System.out.println("Minus Result is : " + minusResult);
        } catch (NumberFormatException e) {

As shown above, the method throws the same exception if the given string contains non-digit characters.

For example a String object holding “50CM” as value, would throw an exception.

Using Scanner.nextInt()

Scanner class is a simple text parser that breaks an input into several tokens.

It comes with the nextInt() method that can be used to convert the next token into an int value.

To exemplify the use nextInt(), let’s consider the following code sample:

        String s = "500";
        Scanner scanner = new Scanner(s);
        while (scanner.hasNext()) {
            if (scanner.hasNextInt()) {
                int intFromString = scanner.nextInt();
                System.out.println("String to int result :" + intFromString);

We used hasNextInt() to check if the next token holds a valid int value. This verification allows us to avoid InputMismatchException.

Using Guava

Now that we know how to use Java methods to convert String to int. Let’s see how we can use third-party methods to do the same thing.

First, we are going to demonstrate how to use the Guava library.

Guava provides the Ints.tryParse method to parse the passed string as a signed decimal integer value:

        String inputString = "-156";
        int result = Ints.tryParse(inputString);

tryParse accepts ‘-’ as the minus sign. However, it does not recognize ‘+’ as the plus sign.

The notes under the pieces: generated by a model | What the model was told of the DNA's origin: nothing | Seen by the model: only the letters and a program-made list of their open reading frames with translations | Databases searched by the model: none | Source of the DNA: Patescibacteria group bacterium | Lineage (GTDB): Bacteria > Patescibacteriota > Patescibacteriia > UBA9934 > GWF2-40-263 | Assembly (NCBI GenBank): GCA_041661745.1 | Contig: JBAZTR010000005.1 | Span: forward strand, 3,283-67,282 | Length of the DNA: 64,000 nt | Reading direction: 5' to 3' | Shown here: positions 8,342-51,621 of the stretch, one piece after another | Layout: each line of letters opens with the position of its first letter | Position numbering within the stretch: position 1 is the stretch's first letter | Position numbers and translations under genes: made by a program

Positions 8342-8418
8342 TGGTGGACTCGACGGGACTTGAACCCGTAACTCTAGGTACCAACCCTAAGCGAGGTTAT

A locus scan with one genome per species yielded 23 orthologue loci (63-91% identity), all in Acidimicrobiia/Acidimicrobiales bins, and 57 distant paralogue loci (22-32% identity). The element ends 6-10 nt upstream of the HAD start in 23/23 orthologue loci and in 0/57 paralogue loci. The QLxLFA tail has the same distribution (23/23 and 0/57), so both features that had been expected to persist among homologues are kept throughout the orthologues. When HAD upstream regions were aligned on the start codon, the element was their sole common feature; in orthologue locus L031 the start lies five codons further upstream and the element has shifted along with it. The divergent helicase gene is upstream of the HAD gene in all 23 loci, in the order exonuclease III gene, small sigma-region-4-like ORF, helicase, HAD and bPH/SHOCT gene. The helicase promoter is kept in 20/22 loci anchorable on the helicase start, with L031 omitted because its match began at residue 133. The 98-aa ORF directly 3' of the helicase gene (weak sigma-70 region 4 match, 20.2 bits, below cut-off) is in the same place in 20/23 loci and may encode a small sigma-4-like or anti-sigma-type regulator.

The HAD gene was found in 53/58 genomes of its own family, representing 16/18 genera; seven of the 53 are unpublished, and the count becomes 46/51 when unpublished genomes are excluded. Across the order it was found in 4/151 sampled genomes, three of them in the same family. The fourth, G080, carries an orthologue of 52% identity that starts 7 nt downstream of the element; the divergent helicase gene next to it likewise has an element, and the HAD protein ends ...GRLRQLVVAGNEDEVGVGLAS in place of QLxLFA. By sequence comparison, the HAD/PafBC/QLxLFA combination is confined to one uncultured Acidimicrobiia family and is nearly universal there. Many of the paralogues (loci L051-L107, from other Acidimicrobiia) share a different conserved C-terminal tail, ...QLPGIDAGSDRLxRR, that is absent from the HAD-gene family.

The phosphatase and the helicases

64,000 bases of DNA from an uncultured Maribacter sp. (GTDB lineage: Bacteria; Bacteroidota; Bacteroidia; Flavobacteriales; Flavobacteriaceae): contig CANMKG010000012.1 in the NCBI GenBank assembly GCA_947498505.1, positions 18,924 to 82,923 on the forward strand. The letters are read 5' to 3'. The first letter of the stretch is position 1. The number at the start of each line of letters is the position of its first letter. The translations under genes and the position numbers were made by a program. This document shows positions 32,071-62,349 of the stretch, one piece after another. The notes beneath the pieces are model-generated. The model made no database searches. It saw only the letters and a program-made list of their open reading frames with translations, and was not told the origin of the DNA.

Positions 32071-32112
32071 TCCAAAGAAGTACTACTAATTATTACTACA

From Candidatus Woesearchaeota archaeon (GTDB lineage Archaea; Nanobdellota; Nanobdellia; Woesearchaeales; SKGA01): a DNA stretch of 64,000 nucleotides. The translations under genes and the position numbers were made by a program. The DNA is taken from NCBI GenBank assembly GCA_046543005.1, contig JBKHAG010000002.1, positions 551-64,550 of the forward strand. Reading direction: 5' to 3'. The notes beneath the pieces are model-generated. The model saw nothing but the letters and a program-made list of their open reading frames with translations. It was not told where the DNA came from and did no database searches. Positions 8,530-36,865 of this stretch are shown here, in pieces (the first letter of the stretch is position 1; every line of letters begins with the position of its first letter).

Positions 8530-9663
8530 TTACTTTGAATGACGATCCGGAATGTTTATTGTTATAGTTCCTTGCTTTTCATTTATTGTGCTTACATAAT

Please keep in mind that this method returns null when it fails to parse the given string.

Using Apache Commons Lang

Apache Commons Lang is an external library that provides a set of utilities for String and number manipulation. Among these helper classes, we find the NumberUtils.

This class utility comes with a handy static method called toInt:

        String givenString = "345";
        int intResult = NumberUtils.toInt(givenString);

Unlike other methods, toInt returns the default value instead of throwing an exception if the string to int conversion fails.

Converting a String with Leading Zeros to int

Sometimes, we need to perform arithmetic operations or manipulate numbers with leading zeros.

For example, we may want to add a number to another number with leading zeroes and retain those zeroes.

Let’s see how to convert String with leading zeros to int and perform an addition operation on the conversion result:

        int numberToAdd = 100;
        String serialNumber = "000000123";
        int serialInt = Integer.parseInt(serialNumber);
        int serialSum = serialInt+numberToAdd;
        String newSerialNumber = String.format("%06d", serialSum);
        System.out.println("New Serial Number: " + newSerialNumber);

As we can see, we used Integer.parseInt to convert our string to int. Then, we performed the addition arithmetic operation.

Lastly, we used String.format to format the output with the leading zeros.


To sum it up, we have shed light on how to convert string to int in Java.

Along the way, we have explained how to achieve string to int conversion using Java methods.

Then, we have seen how to accomplish the same purpose using third-party libraries such as Guava and Apache Commons.